“We instituted safety protocols for in-person worship; figured out how to safely reopen preschool; reimagined programs for youth and children; and started a popular monthly ‘Drive By and Drop Off’ collection for the Backpack Ministry at Samaritan Kitchen of Wilkes,” he said.

First United Methodist started a “My Study Desk” ministry, which so far has built and given away more than 40 desks to area elementary school, middle school, high school and community college students.

Earlier this month, the church held a “Drive By and Drop Off” baby shower for a church staff member.

“Through it all, our First United Methodist family has continued to generously support the work of the church with gifts of time, talent and resources. Going forward, I expect that we will benefit from and carry forward many of the lessons and new skills we’ve been forced to learn,” said Sanders.

Wilkesboro United Methodist Church first moved to live streaming its worship services on Facebook with a small staff, but reduced staff due to COVID concerns and went to a recorded service live on Facebook and YouTube at 11 a.m. each Sunday, said the Rev. Karen Roberts, pastor of the church. The on-line services have drawn worship attendance from other states and countries.

“We condensed our Sunday School to one class on Zoom each Sunday at 10 a.m. and we have strong attendance at that class. All of our church meetings and Bible studies are held via Zoom. We have occasionally held hybrid meetings in which I host the Zoom from church so those without technology at home can come to the church, with masks and social distancing, and participate,” said Roberts.

With COVID-19 numbers decreasing, the church plans to have in-person worship outdoors on Easter Sunday at 10 a.m. at the Pavilion in downtown Wilkesboro, said Roberts. This depends on the weather and if COVID cases don’t spike before then, she added. It will also be live-streamed.

Wilkesboro United Methodist Church’s facilities have been closed and the church hasn’t had in-person worship services since March 12, 2020, but outdoors areas on the church property were recently made available to non-profits, Scout units and others that normally use the facilities. WUMC’s annual Pancake Day was canceled due to the challenge of safely feeding around 750 people.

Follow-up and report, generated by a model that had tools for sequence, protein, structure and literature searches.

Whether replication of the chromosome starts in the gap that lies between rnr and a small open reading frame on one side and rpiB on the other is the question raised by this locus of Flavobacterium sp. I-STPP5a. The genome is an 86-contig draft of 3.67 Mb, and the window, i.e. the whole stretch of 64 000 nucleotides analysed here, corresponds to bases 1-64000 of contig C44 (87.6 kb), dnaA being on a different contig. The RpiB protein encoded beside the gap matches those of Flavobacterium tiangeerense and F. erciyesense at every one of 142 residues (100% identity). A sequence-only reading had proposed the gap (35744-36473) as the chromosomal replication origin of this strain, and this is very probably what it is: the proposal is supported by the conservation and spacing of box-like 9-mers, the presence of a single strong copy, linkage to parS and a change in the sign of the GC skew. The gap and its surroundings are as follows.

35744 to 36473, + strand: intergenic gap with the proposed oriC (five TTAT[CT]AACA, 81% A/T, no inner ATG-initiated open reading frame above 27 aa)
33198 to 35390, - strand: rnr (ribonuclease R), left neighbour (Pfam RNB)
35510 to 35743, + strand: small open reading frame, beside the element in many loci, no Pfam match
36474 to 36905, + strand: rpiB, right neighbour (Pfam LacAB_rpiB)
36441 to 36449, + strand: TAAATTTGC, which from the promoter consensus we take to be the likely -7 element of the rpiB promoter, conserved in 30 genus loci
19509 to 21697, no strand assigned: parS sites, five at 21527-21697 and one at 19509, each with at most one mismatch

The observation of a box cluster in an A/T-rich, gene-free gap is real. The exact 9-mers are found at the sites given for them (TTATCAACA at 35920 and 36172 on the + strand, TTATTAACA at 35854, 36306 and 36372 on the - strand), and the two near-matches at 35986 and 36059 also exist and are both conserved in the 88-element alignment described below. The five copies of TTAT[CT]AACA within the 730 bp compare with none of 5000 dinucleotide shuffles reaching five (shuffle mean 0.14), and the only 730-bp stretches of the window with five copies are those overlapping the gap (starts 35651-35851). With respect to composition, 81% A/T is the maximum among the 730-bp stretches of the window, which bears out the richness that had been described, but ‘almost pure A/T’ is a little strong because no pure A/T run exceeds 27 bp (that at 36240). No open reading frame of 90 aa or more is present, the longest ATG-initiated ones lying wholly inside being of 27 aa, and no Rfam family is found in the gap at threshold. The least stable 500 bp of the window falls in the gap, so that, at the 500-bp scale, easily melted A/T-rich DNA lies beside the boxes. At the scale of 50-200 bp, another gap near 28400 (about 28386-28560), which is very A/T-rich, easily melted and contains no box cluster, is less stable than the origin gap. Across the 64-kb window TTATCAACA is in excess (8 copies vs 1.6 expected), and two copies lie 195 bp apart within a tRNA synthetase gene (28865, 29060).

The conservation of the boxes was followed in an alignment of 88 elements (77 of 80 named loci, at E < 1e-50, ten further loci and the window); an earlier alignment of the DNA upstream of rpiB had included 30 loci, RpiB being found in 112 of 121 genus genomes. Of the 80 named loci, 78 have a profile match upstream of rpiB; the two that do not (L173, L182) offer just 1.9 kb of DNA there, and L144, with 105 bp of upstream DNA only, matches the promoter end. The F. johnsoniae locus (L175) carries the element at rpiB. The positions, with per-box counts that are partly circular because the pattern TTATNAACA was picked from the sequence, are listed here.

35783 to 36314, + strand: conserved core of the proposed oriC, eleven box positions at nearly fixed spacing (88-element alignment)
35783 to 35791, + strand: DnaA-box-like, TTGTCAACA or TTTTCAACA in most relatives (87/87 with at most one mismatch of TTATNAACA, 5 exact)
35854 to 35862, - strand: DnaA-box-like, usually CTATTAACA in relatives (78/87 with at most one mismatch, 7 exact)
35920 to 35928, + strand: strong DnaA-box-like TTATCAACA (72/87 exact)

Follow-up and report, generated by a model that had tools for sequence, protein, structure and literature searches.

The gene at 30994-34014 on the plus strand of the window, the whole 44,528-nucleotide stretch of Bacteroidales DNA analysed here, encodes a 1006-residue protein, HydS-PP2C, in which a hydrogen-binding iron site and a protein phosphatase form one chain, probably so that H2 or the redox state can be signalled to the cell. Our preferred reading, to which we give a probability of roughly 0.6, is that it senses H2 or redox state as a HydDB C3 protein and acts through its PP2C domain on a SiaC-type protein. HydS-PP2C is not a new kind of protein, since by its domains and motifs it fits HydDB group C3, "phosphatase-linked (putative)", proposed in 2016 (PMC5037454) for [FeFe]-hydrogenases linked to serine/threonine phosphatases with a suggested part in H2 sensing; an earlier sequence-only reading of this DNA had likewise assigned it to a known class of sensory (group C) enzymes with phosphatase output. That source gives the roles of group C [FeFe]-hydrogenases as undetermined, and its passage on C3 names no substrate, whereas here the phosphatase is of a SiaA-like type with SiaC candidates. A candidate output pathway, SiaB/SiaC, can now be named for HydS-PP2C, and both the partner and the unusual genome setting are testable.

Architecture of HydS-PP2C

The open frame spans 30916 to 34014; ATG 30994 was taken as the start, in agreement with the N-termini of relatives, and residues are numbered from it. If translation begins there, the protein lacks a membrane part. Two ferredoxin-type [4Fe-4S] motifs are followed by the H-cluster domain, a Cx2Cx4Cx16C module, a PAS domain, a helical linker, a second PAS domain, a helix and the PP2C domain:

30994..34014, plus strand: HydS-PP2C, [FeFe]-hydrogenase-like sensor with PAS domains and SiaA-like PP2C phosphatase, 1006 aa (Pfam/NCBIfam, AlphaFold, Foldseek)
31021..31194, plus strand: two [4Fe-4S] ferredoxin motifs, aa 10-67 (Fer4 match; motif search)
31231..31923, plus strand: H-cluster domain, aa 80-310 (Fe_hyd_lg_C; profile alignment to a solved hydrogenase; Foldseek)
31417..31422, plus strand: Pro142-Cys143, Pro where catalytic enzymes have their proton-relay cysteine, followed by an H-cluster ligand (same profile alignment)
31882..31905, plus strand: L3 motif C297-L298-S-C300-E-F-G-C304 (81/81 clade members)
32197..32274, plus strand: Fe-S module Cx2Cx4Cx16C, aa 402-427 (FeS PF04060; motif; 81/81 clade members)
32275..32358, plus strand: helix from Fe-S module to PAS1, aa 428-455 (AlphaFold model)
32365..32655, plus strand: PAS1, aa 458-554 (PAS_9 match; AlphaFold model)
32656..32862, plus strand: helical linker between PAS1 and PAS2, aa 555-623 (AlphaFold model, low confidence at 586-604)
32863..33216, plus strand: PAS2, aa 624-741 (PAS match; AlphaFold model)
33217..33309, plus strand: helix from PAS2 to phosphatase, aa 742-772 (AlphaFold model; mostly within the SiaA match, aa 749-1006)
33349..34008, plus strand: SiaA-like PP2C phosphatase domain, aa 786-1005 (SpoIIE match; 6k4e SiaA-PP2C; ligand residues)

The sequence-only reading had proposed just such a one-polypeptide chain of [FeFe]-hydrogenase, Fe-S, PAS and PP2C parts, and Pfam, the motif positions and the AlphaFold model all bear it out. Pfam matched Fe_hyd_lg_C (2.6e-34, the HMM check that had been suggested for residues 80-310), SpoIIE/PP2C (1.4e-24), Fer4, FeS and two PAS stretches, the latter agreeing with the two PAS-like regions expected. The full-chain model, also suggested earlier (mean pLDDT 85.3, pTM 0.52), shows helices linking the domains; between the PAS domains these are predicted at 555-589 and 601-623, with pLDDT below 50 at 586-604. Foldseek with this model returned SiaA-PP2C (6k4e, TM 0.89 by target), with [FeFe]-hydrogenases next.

Roberts said that despite challenges created by shutting down the facilities and missing in-person worship, “it forced us to be out of the building and into the world, which is where we are truly called to be. We have tried to look at this shut-down as an opportunity to show honor to God and neighborly love.”

She said that in the midst of the pandemic, the church has tried to hold to the basic principles of the United Methodist denomination, as stated by Methodism founder John Wesley: “Do no harm, do all the good you can and stay in love with God.”

She said WMUC believes this means doing all they can to minimize the spread of COVID-19, continuing ministry efforts in the community and world and continuing worship and Bible study but online.

A WUMC team spent two weeks serving food at C.C. Wright Elementary for the summer food program to give staff a needed break before school started back. She said the church’s sewing bee has continued its work, sewing dresses, bags and other items for missions. The church’s support of Moravian Falls Elementary School has continued with treat bags, staff snacks/meals and a paper drive. The pandemic prevented the church from holding its summer youth literacy program, funded by the Duke Endowment.

Church members receive two emails per week with prayer requests and ministry news, as well as an attachment of the sermon for those who can’t watch online. At-home worship kits, items needed to lead a family in special services like communion have been provided and the church was decorated and open certain hours at Christmas for families to sit and pray together.

Sign Up For Newsletters

Recommended for you

(0) comments

Welcome to the discussion.

Keep it Clean. Please avoid obscene, vulgar, lewd, racist or sexually-oriented language.
Don't Threaten. Threats of harming another person will not be tolerated.
Be Truthful. Don't knowingly lie about anyone or anything.
Be Nice. No racism, sexism or any sort of -ism that is degrading to another person.
Be Proactive. Use the 'Report' link on each comment to let us know of abusive posts.
Share with Us. We'd love to hear eyewitness accounts, the history behind an article.